Over the next month, her serum creatinine increased to 3.1 to 3.5 mg/dL range. During her fifth posttransplant month office visit, she reported progressive oliguria and lower extremity edema. She was noted to be fluid overloaded on exam. Serum creatinine further increased to 6.2 mg/dL. Random urine protein by creatinine ratio showed nephrotic range proteinuria with a ratio of 4.5, which was a significant increase from 1.1 a month prior. She was hospitalized at that point and was dialyzed on two consecutive days for fluid overload. Blood BK PCR actually improved to 15398 copies/mL. A renal transplant ultrasound showed lower pole arteriovenous fistula, increased velocities, and abnormal waveforms in the renal vein. Given dialysis dependent allograft dysfunction despite improvement in BK viremia and abnormal findings of the ultrasound, we proceeded with interventional radiological procedures. Common iliac angiography with CO2 demonstrated patent common and external iliac arteries. There was a widely patent end-to-side renal artery anastomosis. Arteriovenous fistula was demonstrated in the lower pole of the transplant kidney with early filling of the renal vein. There was severe stenosis of the main renal vein. Successful coil occlusion of fistula was performed using a 3 mm × 50 mm microcoil. Then, renal venography using CO2 was performed that confirmed a high-grade stenosis of the renal vein for a length of approximately 30 mm (Figure 1). Angioplasty was initially performed with 8 mm × 4 cm balloon followed by 10 mm × 4 cm balloon. Repeat venography again demonstrated moderately severe stenosis of the renal vein. Then, 8 mm × 30 mm self-expanding stent was deployed across the renal vein stenosis. Repeat venography demonstrated no significant residual stenosis (Figure 2). Percutaneous renal transplant biopsy performed at the same time showed moderate to severe acute tubular injury with mild interstitial infiltrate consisting of lymphocytes and plasma cells. There was mild arteriosclerosis, interstitial fibrosis, and tubular atrophy (about 10%). There was positive tubular epithelial nuclear staining for SV40. In addition, there was extensive interstitial edema, likely a consequence of significant venous outflow obstruction. Her urine output significantly improved after renal vein stenting and dialysis was discontinued after a total of three dialysis sessions. Serum creatinine eventually stabilized around 1.5 mg/dL range. Patient was given oral anticoagulation combined with antiplatelet therapy Aspirin 81 mg daily for 6 months after the procedure followed by long-term administration of Aspirin 325 mg daily.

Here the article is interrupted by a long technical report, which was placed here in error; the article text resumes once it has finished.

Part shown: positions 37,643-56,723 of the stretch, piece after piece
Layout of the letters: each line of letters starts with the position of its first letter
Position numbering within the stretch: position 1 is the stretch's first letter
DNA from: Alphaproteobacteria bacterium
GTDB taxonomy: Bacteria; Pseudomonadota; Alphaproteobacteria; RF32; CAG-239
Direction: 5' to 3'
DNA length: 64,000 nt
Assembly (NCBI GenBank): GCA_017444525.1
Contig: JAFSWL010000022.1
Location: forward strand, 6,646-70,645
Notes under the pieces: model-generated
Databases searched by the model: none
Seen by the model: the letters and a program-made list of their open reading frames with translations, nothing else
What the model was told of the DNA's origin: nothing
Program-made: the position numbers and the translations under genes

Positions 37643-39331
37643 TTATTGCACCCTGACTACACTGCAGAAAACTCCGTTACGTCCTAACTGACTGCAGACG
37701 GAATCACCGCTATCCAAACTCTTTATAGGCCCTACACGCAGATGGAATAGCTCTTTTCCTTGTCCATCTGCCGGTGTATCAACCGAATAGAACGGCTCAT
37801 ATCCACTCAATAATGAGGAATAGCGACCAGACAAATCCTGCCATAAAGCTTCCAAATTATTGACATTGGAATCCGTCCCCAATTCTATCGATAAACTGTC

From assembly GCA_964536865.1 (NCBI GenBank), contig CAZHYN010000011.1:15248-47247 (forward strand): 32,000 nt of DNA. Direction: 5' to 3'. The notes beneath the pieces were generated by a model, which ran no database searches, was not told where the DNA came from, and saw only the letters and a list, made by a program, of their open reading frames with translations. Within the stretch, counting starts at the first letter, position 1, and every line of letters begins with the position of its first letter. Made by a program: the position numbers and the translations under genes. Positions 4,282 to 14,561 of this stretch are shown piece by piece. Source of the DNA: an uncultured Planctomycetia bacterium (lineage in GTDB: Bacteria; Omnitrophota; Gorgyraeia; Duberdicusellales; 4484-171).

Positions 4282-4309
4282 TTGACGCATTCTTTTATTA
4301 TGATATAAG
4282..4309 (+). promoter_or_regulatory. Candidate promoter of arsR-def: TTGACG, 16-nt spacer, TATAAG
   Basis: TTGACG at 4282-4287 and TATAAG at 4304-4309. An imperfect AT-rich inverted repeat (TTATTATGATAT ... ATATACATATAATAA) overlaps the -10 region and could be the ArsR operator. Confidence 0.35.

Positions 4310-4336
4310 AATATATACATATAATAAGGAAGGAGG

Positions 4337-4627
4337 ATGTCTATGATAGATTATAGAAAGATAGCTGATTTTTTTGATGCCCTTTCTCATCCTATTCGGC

Figure 1: CO2 angiogram showed high-grade stenosis of renal transplant vein.